BEAR CUBS UNDER LARGE CARNIVORE ACT
Senate Bill 48 as passed by the Senate
Sponsor: Sen. Tom Casperson
House Committee: Agriculture
Senate Committee: Agriculture
Complete to 2-19-13
A SUMMARY OF SENATE BILL 48 AS PASSED BY THE SENATE 2-14-13
The bill would amend the Large Carnivore Act so that a business could be exempt from the act even though it allowed a patron to have direct or close contact with a bear that is less than 36 weeks old or weighs no more than 90 pounds.
Currently, such an exemption only applies to those who don't allow patrons to come into contact with large carnivores or get close enough to large carnivores over 20 weeks old so as to place the patron in jeopardy of being harmed.
In general, the Large Carnivore Act regulates the possession of, and other activities associated with, large carnivores in the state. Large carnivores are defined to refer to bears and to large cats, such as lions, tigers, and leopards. Currently, individuals and entities can be exempted from the requirements of the act if they meet all of the following provisions: (1) they are conducting a for-profit or non-profit business whose primary purpose is to present animals to the public for education or exhibition purposes and whose business is not conducted in connection with another business as a means of attracting customers to that other business; (2) they possess a Class C license from the U.S. Department of Agriculture and meeting all of its standards; (3) they do not allow patrons to come into contact with large carnivores or get close enough to large carnivores over 20 weeks old so as to place the patron in jeopardy of being harmed; (4) they do not sell large carnivores, except to similarly exempt persons; and (5) they do not breed large carnivores.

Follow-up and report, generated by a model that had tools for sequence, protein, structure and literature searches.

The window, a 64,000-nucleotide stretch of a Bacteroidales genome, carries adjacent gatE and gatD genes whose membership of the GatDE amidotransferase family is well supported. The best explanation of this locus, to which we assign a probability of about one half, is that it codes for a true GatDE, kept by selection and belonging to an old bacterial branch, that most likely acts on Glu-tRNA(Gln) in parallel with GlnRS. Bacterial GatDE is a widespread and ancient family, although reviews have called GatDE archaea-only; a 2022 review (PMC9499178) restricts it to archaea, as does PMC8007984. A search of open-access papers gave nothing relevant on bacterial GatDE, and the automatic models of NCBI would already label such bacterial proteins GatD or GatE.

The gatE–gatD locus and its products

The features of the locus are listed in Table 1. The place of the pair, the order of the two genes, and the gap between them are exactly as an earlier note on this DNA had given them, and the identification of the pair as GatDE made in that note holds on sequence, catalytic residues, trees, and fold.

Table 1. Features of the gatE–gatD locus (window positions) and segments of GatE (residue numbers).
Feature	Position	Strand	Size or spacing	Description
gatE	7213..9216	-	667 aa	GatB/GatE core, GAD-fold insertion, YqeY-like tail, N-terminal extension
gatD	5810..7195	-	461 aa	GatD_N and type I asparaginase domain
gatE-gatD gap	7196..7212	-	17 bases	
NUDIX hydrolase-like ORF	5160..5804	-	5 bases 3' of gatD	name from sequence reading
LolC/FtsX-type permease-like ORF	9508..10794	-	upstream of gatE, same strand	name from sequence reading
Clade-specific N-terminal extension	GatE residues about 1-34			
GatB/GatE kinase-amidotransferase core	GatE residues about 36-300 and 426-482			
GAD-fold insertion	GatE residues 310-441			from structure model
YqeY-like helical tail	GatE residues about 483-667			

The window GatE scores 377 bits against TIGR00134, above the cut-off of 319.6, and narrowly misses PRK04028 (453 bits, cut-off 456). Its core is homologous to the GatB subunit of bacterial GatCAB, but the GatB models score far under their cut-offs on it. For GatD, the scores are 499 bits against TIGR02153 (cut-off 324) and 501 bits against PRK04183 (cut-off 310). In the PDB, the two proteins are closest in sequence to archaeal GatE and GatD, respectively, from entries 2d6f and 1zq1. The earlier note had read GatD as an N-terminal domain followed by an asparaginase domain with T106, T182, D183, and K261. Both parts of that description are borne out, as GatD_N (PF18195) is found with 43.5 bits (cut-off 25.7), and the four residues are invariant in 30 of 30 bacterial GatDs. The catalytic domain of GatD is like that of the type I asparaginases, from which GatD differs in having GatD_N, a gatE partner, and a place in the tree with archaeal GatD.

Under Senate Bill 48, an individual or entity would not be able to allow patrons to come into direct contact with a large carnivore, other than a bear up to 36 weeks old or weighing up to 90 pounds. The bill would also amend the prohibition against allowing a patron to come into close enough contact with a large carnivore over 20 weeks old so as to place the patron in jeopardy of being harmed, so as to allow contact with a bear that is less than 36 weeks old or weighs less than 90 pounds.
The bill would also remove the prohibition, cite above, against a business being conducted in connection with another business as a means of attracting customers to that other business.
Senate Bill 48 is similar to Senate Bill 1236 of 2012, which was vetoed by the governor.
The bill does not appear to have a direct fiscal impact on the state or on local governments.
Fiscal Analyst: Susan Frey
■ This analysis was prepared by nonpartisan House staff for use by House members in their deliberations, and does not constitute an official statement of legislative intent.